Kosovo: Background and U.S. Relations [October 6, 2017]   [open pdf - 658KB]

"Following the conflicts in the late 1990s in the countries of the former Yugoslavia (Serbia, Kosovo, Bosnia-Herzegovina, Macedonia, Montenegro, Croatia, and Slovenia), the prospect of membership in the Euro-Atlantic community, and the active presence of the United States in the region referred to as the Western Balkans, provided a level of stability that allowed most of the countries of the region to pursue reform and adopt Western values. During this time, Slovenia (2004) and Croatia (2013) joined the European Union (EU). These countries, along with Albania (2009), also joined the North Atlantic Treaty Organization (NATO). Montenegro became NATO's 29th member on June 3, 2017. Other nations of the Western Balkans are at various stages on the path toward EU or NATO membership. Along with Serbia, Kosovo stands at the center of the Western Balkans and occupies a key strategic juncture at the social, political, and geographic crossroads between Eastern and Western Europe. Since declaring its independence in 2008, with the assistance of a number of international organizations, and despite its tense relationship with neighboring Serbia, which does not recognize Kosovo's independence, Kosovo has become a viable, democratic, and stable state. Although Kosovo faces major economic, rule-of-law, and corruption challenges, many observers believe Kosovo has made significant progress in strengthening its democratic institutions, its freemarket economy and its Euro-Atlantic aspirations.'"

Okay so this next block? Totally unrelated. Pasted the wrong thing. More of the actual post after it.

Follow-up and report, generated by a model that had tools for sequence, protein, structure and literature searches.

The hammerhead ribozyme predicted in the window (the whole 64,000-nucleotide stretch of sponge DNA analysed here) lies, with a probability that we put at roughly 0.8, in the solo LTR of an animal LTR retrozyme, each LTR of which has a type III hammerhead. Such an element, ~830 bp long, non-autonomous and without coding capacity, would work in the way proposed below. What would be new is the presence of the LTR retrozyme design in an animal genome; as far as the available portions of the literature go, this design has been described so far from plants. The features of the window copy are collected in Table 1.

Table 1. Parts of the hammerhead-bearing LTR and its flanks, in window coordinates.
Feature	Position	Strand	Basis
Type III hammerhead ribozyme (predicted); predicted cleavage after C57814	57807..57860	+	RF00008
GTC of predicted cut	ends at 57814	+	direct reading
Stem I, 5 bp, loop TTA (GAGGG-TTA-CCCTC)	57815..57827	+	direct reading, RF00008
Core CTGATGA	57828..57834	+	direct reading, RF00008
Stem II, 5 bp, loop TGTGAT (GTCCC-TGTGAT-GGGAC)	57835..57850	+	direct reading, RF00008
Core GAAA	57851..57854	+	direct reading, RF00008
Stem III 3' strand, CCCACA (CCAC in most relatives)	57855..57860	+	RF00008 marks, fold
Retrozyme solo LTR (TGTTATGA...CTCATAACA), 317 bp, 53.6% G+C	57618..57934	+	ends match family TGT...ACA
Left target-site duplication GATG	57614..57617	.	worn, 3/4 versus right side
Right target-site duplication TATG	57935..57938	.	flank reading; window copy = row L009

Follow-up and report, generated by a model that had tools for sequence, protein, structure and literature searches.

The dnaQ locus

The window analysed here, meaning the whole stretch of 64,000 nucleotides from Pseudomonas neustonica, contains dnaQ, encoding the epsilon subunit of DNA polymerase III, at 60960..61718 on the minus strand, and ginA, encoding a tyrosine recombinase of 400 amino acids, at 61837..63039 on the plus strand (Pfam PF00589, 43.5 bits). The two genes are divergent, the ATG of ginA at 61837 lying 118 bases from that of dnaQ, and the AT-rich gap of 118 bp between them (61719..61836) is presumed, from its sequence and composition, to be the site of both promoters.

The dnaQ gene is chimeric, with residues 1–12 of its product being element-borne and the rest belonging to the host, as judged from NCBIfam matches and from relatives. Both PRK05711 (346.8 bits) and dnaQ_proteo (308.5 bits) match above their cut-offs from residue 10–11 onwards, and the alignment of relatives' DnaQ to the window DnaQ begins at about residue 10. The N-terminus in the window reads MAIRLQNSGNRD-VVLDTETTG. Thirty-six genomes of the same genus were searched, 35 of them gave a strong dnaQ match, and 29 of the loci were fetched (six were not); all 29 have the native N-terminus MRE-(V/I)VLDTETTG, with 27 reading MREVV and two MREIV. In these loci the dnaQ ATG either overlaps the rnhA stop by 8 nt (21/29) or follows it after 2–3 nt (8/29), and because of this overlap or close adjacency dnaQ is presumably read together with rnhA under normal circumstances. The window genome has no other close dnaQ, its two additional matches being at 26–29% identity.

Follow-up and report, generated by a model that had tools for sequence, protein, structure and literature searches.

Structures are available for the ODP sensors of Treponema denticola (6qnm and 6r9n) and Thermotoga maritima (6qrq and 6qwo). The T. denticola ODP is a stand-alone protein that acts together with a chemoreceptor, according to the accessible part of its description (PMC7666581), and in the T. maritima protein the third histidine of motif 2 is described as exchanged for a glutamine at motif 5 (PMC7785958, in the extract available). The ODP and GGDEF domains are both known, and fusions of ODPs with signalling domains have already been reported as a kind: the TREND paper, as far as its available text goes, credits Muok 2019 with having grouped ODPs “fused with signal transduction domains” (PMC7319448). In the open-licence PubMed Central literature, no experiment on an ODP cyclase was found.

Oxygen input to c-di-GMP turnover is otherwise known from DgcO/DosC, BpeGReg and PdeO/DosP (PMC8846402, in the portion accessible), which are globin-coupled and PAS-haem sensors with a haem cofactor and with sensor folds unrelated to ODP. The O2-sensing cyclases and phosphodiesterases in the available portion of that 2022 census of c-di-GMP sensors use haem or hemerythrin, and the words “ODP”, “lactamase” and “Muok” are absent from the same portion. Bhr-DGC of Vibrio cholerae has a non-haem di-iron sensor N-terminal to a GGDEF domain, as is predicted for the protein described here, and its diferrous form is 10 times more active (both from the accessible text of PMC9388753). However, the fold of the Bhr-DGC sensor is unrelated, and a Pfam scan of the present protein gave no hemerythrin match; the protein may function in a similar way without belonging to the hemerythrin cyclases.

Report Number:
CRS Report for Congress, R44979
Public Domain
Retrieved From:
Federation of American Scientists: http://www.fas.org/sgp/crs/index.html
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